A Review of Obsidian Studies in Iran Provenance the Source and Prehistoric Obsidian Artifacts Researches and Questions - Journal of Research on Archaeometry
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Abedi A. A Review of Obsidian Studies in Iran, Provenance the Source and Prehistoric Obsidian Artifacts, Researches and Questions. JRA. 2015; 1 (1) :55-85
URL: http://jra-tabriziau.ir/article-1-32-en.html
Assistant Professor Tabriz Islamic Art University , akbar.abedi@tabriziau.ac.ir
Abstract:   (1823 Views)

Obsidian artifacts is frequently used materials in prehistory and found widely in archaeological sites. Provenance studies of obsidian has been an issue of intense research and debate between archaeologists and geologists. Since different provenance studies has been carried out from 1960s up to 2015 in Anatolia and Caucasus but obsidian studies in Iran is in very early stage and consider as terra incognita. Recent research on obsidian mines in Iran accompanying by prehistoric obsidian provenance studies give this opportunity to establish of a database, as well as outlining a horizon and perspective for obsidian studies in Iran. This paper will try to discuss about old and new researches on obsidian studies in Iran. After a brief introduction of obsidian studies in Anatolia and Caucasus by Renfrew, Cann and Dixon, the paper addresses some recent researches that took place concerning obsidian provenance studies in Iran. Additionally this study also look for have a review and survey on obsidian sources in Iran as well as obsidian artifacts from sites like Kul Tepe Hadishah, Dava Goz Khoy, East Chia Sabz, Choga Gholan, Tepe Boinou, surveyed sites of East of the Lake Urmia, Typical sites like Yanik, Hasanlu, Pisdeli, and relationship and comparison of ancient obsidian artifacts with known sources in order to studying obsidian sources and provenance of obsidian artifacts in Iran. This research proved that most of the analyzed obsidian artifacts of Iranian archaeological sites originated and imported from Caucasus and Anatolia in line with long-term inter-regional trade, although a handful of obsidian mines and sources have been brought to light in NW Iran that could be considered as second part of the raw material to supply the demands of local and indigenous communities of the prehistory of Iran. The implications of the findings will discuss along with limitations and future research directions.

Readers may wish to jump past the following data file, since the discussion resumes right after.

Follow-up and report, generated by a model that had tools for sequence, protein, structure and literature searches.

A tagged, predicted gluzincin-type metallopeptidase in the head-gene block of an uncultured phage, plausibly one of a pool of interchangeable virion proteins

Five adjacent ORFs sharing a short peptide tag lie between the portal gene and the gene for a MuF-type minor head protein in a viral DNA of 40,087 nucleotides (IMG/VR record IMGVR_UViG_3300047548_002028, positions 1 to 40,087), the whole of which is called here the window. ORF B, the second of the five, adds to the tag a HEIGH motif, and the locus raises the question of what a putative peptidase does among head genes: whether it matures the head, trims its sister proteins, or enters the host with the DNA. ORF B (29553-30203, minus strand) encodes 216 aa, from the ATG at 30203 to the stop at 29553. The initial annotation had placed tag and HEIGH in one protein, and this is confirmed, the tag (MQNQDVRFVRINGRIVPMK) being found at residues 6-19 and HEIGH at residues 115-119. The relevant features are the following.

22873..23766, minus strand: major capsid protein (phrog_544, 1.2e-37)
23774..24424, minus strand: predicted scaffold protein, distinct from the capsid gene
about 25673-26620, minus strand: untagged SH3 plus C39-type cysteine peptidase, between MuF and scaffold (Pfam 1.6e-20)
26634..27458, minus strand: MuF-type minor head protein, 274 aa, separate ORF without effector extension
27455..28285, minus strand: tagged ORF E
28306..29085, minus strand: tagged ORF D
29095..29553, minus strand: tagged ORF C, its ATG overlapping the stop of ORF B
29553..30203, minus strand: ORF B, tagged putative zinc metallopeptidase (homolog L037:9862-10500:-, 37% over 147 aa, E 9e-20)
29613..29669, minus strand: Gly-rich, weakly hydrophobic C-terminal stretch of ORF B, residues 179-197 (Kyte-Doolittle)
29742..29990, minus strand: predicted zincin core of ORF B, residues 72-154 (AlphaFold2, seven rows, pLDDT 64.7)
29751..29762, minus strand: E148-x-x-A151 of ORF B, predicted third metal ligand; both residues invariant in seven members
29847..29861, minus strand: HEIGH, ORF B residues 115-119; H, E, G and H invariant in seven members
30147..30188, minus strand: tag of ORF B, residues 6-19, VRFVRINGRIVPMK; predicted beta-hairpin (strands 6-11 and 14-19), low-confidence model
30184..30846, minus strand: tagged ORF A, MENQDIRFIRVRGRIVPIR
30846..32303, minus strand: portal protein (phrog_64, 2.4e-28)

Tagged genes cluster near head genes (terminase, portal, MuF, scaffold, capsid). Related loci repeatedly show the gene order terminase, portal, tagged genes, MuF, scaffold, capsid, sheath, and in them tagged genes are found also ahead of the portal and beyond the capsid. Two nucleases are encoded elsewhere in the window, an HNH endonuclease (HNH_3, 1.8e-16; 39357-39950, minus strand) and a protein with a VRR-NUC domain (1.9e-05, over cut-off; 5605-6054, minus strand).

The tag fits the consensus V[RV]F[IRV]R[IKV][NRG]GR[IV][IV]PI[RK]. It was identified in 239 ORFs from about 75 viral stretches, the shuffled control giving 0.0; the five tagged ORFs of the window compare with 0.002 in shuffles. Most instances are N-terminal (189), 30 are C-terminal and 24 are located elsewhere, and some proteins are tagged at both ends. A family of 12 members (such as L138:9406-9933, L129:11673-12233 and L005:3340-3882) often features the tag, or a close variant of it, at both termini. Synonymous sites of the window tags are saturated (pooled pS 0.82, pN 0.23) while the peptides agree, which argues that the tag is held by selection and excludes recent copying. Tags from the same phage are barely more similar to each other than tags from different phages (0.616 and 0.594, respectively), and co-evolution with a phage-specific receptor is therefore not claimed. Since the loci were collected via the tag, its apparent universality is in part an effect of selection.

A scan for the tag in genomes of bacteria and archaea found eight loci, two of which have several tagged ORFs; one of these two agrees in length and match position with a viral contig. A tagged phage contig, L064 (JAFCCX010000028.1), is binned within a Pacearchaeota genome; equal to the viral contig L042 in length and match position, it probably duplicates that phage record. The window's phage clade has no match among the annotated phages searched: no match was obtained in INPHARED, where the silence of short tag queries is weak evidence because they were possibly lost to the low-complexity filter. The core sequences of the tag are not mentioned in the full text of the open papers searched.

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Technical Note: Review Articles | Subject: Archaeometry
Received: 2015/04/21 | Accepted: 2015/08/16 | Published: 2015/09/23 | ePublished: 2015/09/23

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